Wednesday, June 4, 2014

Templars Considered Esperanto

No booze at this party
Not the Knights Templar of the medieval period, but (according to Wikipedia), a temperance organization modeled on Freemasonry. The Washington Times reported on its convention on June 4, 1908. We can assume this was no drunken bash. Their meeting place is listed as the Pythian Temple, which was the meeting place for yet another fraternal organization, The Knights of Pythias, itself founded in Washington D.C.

The main thrust of the meeting was to move forward on a proposal that the movement be neutral on the religion of its members. The organization's web site makes no reference of any sort about religion. Most chapters seem to be in Europse, though there seem to be no chapters in France or Italy. The religious neutrality part seems to have gone through.

The other proposal was that the organization take up Esperanto as the language for its international meetings.
Esperanto will be the language used at future triennial meeting of the international order, if the recommendation of the committee on literature is adopted. B. A. Hockert, of Hartford, Conn., chairman of the committee, said that, in view of the waste of time at meetings, because of translation of speeches and reports of members from different lands, it would be well, if possible, to use the universal language. He urged members to study it and see if it could not be used successfully at the next meeting.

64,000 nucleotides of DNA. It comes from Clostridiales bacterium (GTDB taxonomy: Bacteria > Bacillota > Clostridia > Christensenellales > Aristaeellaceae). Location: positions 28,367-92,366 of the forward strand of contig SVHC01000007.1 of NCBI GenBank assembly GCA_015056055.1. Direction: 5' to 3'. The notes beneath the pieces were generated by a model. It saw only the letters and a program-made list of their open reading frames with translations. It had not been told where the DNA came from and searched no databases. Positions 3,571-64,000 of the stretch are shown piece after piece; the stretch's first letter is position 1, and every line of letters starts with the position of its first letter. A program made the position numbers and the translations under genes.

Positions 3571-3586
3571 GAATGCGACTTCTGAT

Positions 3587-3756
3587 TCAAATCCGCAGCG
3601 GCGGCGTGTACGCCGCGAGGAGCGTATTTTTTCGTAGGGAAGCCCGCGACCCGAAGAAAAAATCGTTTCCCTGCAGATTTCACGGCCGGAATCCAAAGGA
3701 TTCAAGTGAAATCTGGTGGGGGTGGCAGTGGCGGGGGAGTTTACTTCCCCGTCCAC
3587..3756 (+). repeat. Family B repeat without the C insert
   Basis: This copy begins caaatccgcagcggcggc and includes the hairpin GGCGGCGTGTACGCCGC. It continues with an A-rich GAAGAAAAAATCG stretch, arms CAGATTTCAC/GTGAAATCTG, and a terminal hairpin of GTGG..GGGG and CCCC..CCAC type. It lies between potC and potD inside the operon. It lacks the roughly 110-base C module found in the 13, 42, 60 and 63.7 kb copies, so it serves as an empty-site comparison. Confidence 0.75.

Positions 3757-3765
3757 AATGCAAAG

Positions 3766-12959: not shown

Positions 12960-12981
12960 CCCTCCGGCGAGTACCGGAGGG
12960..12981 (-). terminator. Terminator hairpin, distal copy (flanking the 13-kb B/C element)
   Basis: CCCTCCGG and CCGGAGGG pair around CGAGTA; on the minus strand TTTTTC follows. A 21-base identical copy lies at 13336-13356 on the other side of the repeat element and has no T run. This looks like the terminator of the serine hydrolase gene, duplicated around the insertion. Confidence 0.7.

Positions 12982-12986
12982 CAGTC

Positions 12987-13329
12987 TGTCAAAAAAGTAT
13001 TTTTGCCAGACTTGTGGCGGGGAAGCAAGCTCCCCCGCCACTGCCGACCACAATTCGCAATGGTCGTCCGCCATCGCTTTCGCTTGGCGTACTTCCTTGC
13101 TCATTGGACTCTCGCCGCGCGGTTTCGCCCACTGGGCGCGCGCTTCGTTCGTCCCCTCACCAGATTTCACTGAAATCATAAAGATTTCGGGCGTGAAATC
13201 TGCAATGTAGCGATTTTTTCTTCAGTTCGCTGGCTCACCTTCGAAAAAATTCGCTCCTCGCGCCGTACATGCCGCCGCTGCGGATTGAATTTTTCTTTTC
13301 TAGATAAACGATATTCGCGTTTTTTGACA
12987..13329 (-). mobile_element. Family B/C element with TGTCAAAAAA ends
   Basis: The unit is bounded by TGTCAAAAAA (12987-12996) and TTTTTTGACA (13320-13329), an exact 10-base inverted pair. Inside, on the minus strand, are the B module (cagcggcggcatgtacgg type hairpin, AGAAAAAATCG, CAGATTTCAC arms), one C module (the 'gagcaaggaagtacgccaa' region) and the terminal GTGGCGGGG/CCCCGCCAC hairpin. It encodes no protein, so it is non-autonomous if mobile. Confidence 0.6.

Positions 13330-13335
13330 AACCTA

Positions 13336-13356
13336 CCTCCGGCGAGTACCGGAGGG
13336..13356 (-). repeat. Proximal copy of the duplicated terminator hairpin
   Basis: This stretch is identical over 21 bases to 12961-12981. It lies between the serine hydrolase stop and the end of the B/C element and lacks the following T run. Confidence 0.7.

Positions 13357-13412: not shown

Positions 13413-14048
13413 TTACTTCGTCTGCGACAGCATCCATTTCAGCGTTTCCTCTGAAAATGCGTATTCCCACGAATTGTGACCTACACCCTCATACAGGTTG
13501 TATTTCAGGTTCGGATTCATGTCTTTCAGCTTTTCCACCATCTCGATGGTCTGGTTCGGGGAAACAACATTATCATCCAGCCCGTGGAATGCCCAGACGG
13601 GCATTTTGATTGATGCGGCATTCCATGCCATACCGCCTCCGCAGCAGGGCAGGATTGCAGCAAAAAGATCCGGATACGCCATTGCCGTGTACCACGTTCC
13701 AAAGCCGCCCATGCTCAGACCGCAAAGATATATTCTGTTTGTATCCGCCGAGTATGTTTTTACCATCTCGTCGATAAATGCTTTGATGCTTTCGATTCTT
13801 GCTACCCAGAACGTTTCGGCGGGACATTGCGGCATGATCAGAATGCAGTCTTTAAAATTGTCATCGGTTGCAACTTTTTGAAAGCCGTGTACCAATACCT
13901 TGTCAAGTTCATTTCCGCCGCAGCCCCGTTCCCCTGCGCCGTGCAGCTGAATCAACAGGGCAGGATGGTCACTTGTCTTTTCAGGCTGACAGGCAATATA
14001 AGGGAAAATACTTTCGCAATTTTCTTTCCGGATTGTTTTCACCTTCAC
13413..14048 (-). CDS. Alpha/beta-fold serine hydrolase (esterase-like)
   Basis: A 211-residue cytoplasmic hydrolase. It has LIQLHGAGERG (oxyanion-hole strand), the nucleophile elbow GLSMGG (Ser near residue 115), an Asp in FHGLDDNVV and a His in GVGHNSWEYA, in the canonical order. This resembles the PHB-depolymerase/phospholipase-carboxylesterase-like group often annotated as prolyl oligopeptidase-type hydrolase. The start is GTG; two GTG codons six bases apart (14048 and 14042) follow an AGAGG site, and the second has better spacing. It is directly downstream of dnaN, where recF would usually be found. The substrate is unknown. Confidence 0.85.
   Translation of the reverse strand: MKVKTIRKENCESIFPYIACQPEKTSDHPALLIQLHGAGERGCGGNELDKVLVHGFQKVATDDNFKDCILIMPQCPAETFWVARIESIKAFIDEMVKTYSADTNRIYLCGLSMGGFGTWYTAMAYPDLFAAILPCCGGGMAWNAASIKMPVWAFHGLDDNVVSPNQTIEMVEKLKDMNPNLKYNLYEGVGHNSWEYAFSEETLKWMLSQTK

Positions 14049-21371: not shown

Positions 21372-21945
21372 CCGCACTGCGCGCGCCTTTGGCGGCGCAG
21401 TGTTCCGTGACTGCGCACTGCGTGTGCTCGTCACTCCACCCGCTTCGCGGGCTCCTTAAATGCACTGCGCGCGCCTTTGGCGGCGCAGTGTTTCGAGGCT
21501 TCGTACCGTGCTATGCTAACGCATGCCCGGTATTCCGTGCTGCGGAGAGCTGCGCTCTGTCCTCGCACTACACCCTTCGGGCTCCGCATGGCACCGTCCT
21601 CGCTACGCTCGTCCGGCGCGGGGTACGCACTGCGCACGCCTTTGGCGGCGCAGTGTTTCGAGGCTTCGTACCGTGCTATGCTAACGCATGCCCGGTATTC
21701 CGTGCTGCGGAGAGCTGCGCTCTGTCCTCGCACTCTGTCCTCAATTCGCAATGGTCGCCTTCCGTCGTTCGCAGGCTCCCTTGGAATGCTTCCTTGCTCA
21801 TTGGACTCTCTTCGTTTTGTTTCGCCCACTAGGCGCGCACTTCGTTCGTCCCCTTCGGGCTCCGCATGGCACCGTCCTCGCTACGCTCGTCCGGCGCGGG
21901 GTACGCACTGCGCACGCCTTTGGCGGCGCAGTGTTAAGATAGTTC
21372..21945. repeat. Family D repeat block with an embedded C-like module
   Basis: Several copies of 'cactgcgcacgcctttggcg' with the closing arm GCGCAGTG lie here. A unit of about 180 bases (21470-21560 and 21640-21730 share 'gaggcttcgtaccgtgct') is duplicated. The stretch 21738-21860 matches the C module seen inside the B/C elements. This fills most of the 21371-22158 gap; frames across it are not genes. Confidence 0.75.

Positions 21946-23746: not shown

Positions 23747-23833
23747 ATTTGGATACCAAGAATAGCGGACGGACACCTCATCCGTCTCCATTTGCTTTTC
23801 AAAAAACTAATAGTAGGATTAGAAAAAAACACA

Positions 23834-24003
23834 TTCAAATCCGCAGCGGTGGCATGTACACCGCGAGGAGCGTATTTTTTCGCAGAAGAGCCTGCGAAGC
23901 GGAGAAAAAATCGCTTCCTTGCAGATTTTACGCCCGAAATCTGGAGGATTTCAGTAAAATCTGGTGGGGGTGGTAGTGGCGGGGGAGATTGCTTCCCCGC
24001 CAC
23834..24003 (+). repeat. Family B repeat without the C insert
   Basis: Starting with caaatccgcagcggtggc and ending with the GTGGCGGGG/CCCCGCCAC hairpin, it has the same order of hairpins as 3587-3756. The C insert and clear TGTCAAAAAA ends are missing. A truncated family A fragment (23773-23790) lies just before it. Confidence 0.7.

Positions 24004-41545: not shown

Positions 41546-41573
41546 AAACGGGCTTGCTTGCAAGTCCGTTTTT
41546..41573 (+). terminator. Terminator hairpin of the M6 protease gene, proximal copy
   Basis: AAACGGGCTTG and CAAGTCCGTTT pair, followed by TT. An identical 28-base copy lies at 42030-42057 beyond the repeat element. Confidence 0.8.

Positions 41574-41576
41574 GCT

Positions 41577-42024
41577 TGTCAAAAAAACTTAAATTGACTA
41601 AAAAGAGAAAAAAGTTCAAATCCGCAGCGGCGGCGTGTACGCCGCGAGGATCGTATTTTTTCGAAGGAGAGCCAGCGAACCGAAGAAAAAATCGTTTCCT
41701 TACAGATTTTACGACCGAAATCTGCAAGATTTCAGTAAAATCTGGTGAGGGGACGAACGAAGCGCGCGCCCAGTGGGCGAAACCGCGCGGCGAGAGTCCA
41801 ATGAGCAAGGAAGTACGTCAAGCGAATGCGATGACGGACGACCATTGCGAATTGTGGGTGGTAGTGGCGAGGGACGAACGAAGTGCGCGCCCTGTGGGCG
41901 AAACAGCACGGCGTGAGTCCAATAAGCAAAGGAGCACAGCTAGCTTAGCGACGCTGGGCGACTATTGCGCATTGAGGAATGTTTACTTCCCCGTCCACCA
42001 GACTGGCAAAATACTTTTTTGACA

I have found a report on the 1911 meeting of the Good Templars. No reference to Esperanto, but maybe I should hold out my hopes for 1914.

The organization was founded in the United States, but by 1908, Sweden had the largest number of members, with about 200,000 Good Templars. England had the largest children's membership, beating out Sweden by about 9,000 children.

Although the group was considering Esperanto, a committee
recommended that an international magazine be published in several languages. This was referred to the new international executive committee.
Why not publish the magazine in Esperanto? That would get the members reading it.

Update: Not long after writing this, on a whim, I e-mailed the Good Templars, asking if they had any information about ever adopting Esperanto. I'll update this if they ever get back to me.
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